Anae Evangelista was reeling from the deaths of two close friends when she saw Parsnip in a local shelter’s online post.
The 21-year-old college student had been thinking of getting a cat for weeks after accompanying a friend to a local shelter. After checking the shelter’s adoptable pets again, she fell in love with an adorable tabby with a clipped ear and sky blue eyes and immediately made plans to see her in San Diego.
Parsnip took to Evangelista immediately.
“She was so affectionate, pushing her head into my hand for pets, and I knew she was the one,” Evangelista told PITB.
Although many cats take days or weeks to adjust to their forever homes, Parsnip “strutted into my apartment as if she owned it from day one, zooming all over the place [with] enough energy to bounce off the walls,” Evangelista said.
Although she had a rough start to life and was rescued from a hoarding situation, Parsnip was friendly, affectionate and warmed quickly to her new home. As human and kitten became fast friends, Parsnip’s presence was an immediate boost to Evangelista’s mental health.
‘She’s been my rock,” she said, “and although she can’t talk, I feel as if she’s constantly encouraging me to stay strong.”
But after about six weeks Parsnip’s energy level took a distressing dive. She was weak, slept a lot and wouldn’t eat much. A vet visit didn’t yield any answers, and the next day Parsnip displayed more telltale signs of a seriously sick cat — she stopped eating and drinking entirely, and began eliminating outside of her litter box.
After consulting another veterinarian, Evangelista finally had an answer. Little Parsnip was suffering from Feline infectious peritonitis, a more virulent strain of feline coronavirus that infects white blood cells resulting in dangerous inflammation, per the Cornell Feline Health Center.
“An intense inflammatory reaction to FIPV occurs around vessels in the tissues where these infected cells locate, often in the abdomen, kidney, or brain,” according to Cornell. “It is this interaction between the body’s own immune system and the virus that is responsible for the development of FIP.”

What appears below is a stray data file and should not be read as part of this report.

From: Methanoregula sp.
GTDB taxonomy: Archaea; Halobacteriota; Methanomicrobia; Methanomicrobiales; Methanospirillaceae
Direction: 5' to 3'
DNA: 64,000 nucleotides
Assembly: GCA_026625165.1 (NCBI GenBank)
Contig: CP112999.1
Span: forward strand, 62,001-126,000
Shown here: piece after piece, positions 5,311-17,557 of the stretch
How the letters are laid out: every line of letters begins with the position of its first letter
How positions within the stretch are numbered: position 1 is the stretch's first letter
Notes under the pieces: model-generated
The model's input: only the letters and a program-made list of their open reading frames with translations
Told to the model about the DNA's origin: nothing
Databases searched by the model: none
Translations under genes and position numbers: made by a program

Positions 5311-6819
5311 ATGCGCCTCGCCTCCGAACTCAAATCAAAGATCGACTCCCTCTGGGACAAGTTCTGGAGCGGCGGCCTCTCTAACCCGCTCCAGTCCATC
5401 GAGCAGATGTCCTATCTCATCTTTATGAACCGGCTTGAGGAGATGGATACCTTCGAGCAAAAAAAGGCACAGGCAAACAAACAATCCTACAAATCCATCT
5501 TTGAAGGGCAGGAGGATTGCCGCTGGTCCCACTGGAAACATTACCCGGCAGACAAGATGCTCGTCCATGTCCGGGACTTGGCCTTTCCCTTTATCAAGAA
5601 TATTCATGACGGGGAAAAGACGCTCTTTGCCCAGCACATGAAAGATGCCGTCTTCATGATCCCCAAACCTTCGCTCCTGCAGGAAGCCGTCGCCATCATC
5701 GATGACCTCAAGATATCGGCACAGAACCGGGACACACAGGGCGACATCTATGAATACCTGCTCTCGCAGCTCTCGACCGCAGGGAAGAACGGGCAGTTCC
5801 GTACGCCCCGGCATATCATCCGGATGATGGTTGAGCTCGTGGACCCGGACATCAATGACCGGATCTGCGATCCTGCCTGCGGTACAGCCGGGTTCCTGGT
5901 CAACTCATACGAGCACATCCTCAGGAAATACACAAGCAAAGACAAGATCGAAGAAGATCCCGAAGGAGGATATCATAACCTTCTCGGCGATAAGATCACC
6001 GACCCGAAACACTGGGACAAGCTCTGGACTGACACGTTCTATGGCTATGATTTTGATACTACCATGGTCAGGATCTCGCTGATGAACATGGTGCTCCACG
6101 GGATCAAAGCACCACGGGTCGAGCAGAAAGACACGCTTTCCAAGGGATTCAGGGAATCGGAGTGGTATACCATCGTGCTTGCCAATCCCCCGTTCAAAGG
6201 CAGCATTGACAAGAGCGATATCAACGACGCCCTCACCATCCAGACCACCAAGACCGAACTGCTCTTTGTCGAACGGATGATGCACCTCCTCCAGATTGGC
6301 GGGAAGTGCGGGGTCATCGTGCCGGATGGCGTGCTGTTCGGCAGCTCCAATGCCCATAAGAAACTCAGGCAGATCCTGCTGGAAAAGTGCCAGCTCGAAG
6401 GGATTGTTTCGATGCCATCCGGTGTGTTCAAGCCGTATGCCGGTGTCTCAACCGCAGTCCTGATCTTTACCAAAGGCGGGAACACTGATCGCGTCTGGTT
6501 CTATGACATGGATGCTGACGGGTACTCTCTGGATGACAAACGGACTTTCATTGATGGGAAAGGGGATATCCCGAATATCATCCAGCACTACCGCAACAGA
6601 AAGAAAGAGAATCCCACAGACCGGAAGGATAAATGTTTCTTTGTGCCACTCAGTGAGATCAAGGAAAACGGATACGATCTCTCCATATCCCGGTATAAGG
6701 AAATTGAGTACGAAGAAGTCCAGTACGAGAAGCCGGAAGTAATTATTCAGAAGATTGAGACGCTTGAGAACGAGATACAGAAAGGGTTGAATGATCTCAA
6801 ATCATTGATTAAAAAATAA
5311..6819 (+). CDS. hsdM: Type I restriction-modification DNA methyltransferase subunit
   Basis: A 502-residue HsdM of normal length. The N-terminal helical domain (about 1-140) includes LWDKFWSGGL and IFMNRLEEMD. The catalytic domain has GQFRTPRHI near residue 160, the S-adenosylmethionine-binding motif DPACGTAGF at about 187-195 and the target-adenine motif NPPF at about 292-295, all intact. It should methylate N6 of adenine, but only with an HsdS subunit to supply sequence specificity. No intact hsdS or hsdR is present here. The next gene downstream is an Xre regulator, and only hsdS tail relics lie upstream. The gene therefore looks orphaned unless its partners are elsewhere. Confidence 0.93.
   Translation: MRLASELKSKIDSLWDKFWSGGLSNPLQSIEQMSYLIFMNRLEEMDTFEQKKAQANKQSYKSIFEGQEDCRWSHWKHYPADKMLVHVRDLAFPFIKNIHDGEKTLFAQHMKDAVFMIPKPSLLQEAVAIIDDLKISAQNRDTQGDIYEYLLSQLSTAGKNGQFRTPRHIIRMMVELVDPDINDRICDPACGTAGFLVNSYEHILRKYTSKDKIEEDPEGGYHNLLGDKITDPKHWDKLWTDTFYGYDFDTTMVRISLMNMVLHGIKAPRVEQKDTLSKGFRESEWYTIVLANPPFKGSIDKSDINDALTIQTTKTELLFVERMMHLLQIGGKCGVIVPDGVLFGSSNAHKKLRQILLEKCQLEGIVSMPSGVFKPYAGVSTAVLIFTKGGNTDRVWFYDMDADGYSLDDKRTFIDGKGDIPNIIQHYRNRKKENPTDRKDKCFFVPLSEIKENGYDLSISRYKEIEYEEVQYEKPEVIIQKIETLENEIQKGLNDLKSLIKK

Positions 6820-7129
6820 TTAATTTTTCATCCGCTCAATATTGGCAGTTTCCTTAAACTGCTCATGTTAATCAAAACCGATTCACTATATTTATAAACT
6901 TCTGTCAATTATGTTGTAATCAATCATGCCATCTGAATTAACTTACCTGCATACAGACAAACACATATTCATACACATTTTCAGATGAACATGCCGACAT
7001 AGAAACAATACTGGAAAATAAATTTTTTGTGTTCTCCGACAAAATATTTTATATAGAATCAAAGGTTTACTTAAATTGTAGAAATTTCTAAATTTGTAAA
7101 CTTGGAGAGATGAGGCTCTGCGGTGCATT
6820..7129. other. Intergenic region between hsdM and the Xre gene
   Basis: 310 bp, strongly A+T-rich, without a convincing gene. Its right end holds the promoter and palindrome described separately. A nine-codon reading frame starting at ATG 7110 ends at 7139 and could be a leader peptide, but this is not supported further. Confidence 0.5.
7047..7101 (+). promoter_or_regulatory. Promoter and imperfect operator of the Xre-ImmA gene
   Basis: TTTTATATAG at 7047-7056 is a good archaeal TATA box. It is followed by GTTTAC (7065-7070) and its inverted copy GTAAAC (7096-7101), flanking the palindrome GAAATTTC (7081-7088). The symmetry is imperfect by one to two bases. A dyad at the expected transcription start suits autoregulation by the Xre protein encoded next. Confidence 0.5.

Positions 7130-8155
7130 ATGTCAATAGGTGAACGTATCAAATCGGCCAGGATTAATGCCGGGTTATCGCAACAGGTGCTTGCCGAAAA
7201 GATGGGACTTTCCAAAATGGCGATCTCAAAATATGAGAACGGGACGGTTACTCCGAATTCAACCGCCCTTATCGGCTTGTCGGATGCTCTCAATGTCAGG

The disease is “usually progressive and almost always fatal without therapy.”
But there’s hope for Parsnip: With the help of her veterinarian and an online group for people whose cats have FIPV, Evangelista was able to get her kitty accepted for experimental treatment with GS-441524, a nucleoside analogue antiviral drug that has proven effective at treating all types of FIP in several trials in recent years. (It’s been so effective, in fact, that Chinese pharmaceutical manufacturers have been supplying GS-441524 on the black market to cat caretakers who haven’t been able to get their cats into trials.)
Since starting the treatment, Parsnip’s responded well: She’s eating again, the swelling has been in retreat, and she’s once again interested in play time, exploring and other things cats love to do. She’s even able to hop up on the couch again.
That’s a far cry from her condition just three weeks ago when she had a 105-degree fever, no interest in things around her and couldn’t get up under her own power.
The 84-day treatment, subsequent vet visits, monitoring and blood work is expensive: Evangelista estimates it’ll cost her about $5,000 in total. She’s looking to raise half that amount via a GoFundMe. It’s a huge expense, especially for a college student, but for Evangelista, spending the money is without question.
“She’s been my foundation and she deserves the world,” she said, “so I want to give her the chance to live to see it.”
Follow Parsnip’s progress on Instagram @lilmissparsnip